Joe Corcoran

Morning Edition host; Reporter/Producer

Joe Corcoran has been WKU Public Radio’s “Morning Edition” host and news anchor since 2003. Joe’s received numerous awards for his on-air work including the Associated Press’s “Best Radio News Anchor in Kentucky” twice. Several of his stories have aired on NPR’s “All Things Considered”.

A graduate of Syracuse University, Joe spent most of his career in television journalism both on-air and in management at stations in North Carolina, Iowa and Illinois.

In Bowling Green, Joe is active in his church as well as with the Bowling Green Area of Commerce. He is on the Board of Directors for the Kentucky Associated Press.

He and his wife Patricia are the proud parents of three children and the “extremely” proud grandparents of two granddaughters, Claire and Vivian.

Ways To Connect

Photo courtesy of Philip Scott Andrews

When NASA called an end to the space shuttle in 2011 after 30 years, it really was "The End of an Era." That's the title of a photo and video display in the Mass Media & Technology building on WKU's campus through November 8th.

It tells the story of the shuttle through dozens of photos taken from the collection of Scott Andrews, who shot all but three of the missions, and his son Philip who worked with his father for the program's last five years.

Joe Corcoran spoke with Philip about the display and about his dad's career shooting history.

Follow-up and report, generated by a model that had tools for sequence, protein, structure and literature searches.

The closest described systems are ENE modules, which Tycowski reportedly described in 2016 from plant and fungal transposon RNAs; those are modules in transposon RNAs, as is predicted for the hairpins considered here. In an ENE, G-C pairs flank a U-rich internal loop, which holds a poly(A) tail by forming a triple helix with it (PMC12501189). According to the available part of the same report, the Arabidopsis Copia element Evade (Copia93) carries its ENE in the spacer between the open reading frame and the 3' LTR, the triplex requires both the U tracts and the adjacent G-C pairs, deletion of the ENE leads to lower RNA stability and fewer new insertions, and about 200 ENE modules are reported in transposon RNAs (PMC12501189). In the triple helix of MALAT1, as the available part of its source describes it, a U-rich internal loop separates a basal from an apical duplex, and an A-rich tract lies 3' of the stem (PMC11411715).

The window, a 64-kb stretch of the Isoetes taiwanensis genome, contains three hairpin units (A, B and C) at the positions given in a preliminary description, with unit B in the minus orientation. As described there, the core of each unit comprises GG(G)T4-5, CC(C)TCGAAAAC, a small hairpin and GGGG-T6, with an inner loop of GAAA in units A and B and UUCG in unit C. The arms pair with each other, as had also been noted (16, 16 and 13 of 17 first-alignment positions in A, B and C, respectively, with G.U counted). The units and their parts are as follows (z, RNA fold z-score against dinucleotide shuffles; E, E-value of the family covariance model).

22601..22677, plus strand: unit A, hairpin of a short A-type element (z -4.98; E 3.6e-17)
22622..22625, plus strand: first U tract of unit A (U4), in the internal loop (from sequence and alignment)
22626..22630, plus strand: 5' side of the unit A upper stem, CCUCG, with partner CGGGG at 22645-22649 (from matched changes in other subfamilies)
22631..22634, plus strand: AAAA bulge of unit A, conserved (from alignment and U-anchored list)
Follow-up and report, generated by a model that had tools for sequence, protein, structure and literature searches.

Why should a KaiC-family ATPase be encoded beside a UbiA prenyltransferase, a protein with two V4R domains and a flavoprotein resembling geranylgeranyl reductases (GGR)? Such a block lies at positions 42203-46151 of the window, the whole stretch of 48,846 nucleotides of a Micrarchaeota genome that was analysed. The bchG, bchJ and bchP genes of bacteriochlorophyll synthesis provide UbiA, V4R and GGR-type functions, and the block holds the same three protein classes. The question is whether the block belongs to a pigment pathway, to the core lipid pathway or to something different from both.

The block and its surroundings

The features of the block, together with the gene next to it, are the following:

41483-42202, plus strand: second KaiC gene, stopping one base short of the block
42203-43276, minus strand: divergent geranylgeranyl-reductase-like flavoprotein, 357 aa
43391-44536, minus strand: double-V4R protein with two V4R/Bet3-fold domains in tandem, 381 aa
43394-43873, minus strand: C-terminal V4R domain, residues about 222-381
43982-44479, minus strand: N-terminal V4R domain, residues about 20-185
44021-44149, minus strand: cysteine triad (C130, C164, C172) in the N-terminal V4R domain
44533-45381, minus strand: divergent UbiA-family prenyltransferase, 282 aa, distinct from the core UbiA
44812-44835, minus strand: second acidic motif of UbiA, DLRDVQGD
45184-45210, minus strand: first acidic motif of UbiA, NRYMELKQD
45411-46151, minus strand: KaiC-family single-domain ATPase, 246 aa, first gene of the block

You can see them every Friday morning working away at their garden at WKU's farm and on Saturdays selling what they've raised at Bowling Green's Community Farmers' Market.

They're the Top Crops crew and, week after week, under the guidance of Bill and Carol Greer, this group of special needs adults continues to stretch the boundaries of just what farming can do.

WKU Public Radio's Joe Corcoran paid a visit to a Bowling Green farmers market to learn more about the impact of the Top Crops program.

Second district Republican Congressman Brett Guthrie calls the members of ISIL "evil people that need to be stopped.

Speaking in Bowling Green, Guthrie said he supports Obama's actions fighting ISIL in Syria, especially bringing in other countries to join the fight. He said he wants to see "their boots on the ground, not our boots on the ground."

The Bowling Green Republican held a late afternoon Town Hall meeting at WKU's Carroll Knicely Center Wednesday; he'll hold one more next week in Edmonson County.

Court Appointed Special Advocates of South Central Kentucky has received a $100,000 gift from Commonwealth Broadcasting.  CASA is a non-profit agency that helps child victims of abuse, neglect, or dependency find safe foster homes. 

The donation will benefit CASA's $2 million I am for the Child campaign which aims to expand programs and increase public awareness of CASA's role in the community.  The gift also includes a free, five-year lease at Commonwealth Broadcasting's headquarters on the Glasgow public square. 

"We've been serving children from the Glasgow area for over ten years but this is the first time we have a physical office there that people can come to and where we can meet with our advocates," CASA Executive Director Will Constable told WKU Public Radio.

CASA currently serves about 160 children, mostly from Warren County.

WKU Sports

Tonight's season opening home football game for the WKU Hilltoppers might actually feel more like an away game for them.

Home or away, teams usually sequester themselves in a hotel the night before a game to get themselves focused and go over last minute details without distractions. But with thousands of Corvette enthusiasts in town for the 20th anniversary of the Corvette Museum this weekend, there were no available hotel rooms in Bowling Green.